The Black Panthers Party is often remembered as the radical, violent arm of the civil rights movement. What is left out of this narrative are the people and motivations that made it one of the most controversial, and yet, influential groups of activists in recent history.
To address these gaps, filmmaker Stanley Nelson made the documentary The Black Panthers: Vanguard of the Revolution. In this film, Nelson explores why the Black Panthers were so important, what they accomplished and why the party eventually fell apart.
“I think most people, when they think about the Black Panther Party, they think in very abstract, caricatured terms. They think about black fists in the air, but they don’t think about the actual people, and the families, and the relationships.” – Kerry Washington
One factor that is key to ensuring a documentary reaches its potential for impact is the quality of the film. Films that are considered more compelling, more beautiful, and better produced, are thus more powerful. With this in mind, choosing The Black Panthers: Vanguard of the Revolution, was an easy decision. Stanley Nelson is not only an accomplished filmmaker, with a long list of successful past projects, but The Black Panthers: Vanguard of the Revolution has already gained praise from the press and audiences nationwide. With its premiere at Sundance Film Festival, coupled with high profile screening events like the opening night slot at Doc Fortnight at MOMA and Pan African Film Festival in LA, this documentary has already found its supporters.
Even with immense respect from activists, progressive and African American audiences, a film of this kind must reach a more diverse audience to drive real and lasting change. By fundraising specifically to support a nationwide theatrical release, Nelson has ensured that every contribution on Kickstarter directly aids in reaching this goal.
If successful, The Black Panthers: Vanguard of the Revolution will open in at least thirteen cities across the country with the support of PBS Distribution. Not only that, but the funds will help to bring Black Panthers to these screenings to discuss the film and their experience with racism and bias in America. These conversations will provide a unique and unadulterated look at life on the inside of the Black Panthers Party, as well as help people understand the direct impact that racism has on individuals.
The goal of this Kickstarter, according to director Stanley Nelson, is “to bring this vibrant chapter in American history to life so that we can all understand it, learn from it and make better decisions – personally and collectively.”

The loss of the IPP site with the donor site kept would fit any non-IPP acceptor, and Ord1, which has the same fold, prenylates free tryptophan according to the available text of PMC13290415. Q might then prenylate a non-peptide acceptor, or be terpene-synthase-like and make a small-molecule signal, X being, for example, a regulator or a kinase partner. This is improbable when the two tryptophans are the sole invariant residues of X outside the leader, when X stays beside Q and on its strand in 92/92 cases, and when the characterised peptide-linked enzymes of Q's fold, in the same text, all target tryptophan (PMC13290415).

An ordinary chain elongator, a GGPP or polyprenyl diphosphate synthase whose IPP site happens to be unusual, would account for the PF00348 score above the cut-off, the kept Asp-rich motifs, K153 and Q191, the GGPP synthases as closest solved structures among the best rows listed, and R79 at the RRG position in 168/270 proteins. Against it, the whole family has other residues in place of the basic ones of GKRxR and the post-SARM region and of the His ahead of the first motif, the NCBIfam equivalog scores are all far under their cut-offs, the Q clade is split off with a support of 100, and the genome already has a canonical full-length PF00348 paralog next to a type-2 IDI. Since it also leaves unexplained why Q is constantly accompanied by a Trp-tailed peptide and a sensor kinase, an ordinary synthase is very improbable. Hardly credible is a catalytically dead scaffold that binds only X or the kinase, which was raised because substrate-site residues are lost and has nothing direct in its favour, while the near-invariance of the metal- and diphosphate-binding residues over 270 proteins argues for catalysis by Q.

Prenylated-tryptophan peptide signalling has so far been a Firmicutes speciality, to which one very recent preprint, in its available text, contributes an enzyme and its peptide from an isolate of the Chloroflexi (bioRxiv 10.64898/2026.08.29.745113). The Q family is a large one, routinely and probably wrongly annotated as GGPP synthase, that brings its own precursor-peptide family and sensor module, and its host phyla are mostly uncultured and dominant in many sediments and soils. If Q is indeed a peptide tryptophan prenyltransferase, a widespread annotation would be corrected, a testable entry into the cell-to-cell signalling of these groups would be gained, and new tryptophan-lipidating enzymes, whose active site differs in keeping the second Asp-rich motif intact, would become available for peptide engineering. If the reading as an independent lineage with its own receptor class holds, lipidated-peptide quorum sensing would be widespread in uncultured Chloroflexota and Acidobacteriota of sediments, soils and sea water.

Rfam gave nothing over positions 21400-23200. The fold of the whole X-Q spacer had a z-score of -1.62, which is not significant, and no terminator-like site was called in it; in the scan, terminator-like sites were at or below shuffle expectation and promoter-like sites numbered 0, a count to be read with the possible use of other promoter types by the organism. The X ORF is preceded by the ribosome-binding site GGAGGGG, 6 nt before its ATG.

The subject of this film may be a group of individuals from the 1960s, but what they were fighting for is, unfortunately, still relevant; racism still exists in the U.S., specifically towards young African American men.
Today’s activists in the “Black Lives Matter” movement fundamentally parallel those seen in The Black Panthers: Vanguard of the Revolution. Much like the Black Panthers, African Americans today are being vilified in the media. If this film has the opportunity to screen in theaters across the country, it could be instrumental in amplifying and grounding the conversation on present-day racism in America.
This film can help educate people who are farther removed from this issue and change perceptions of what it means to be a minority in America today. By coupling theatrical screenings with curated and intelligent panels, editorials and press spots, The Black Panthers: Vanguard of the Revolution will be a powerful tool for teaching tolerance and equality across the country.
Donate RIGHT NOW or at least before May 6th: https://www.kickstarter.com/projects/blackpanthers/the-black-panthers-theatrical-release/description
By Megan Ryan, Campaign Engagement Manager (@Megeveryan)
Megan graduated the University of Michigan-Ann Arbor Ford School of Public Policy, where she spent years learning how inspired individuals and determined groups can make profound impact on our society. Prior to starting with Picture Motion, Megan worked with the Mega-Cities Project, a transnational non-profit network of leaders dedicated to sharing innovative solutions to the problems their cities face in common. Megan’s work at Picture Motion focuses on strategy, outreach and managing our grassroots screening tours. She is currently running the First Generation Go College! screening tour, sponsored by Wells Fargo, and managing the digital strategy for This Time Next Year.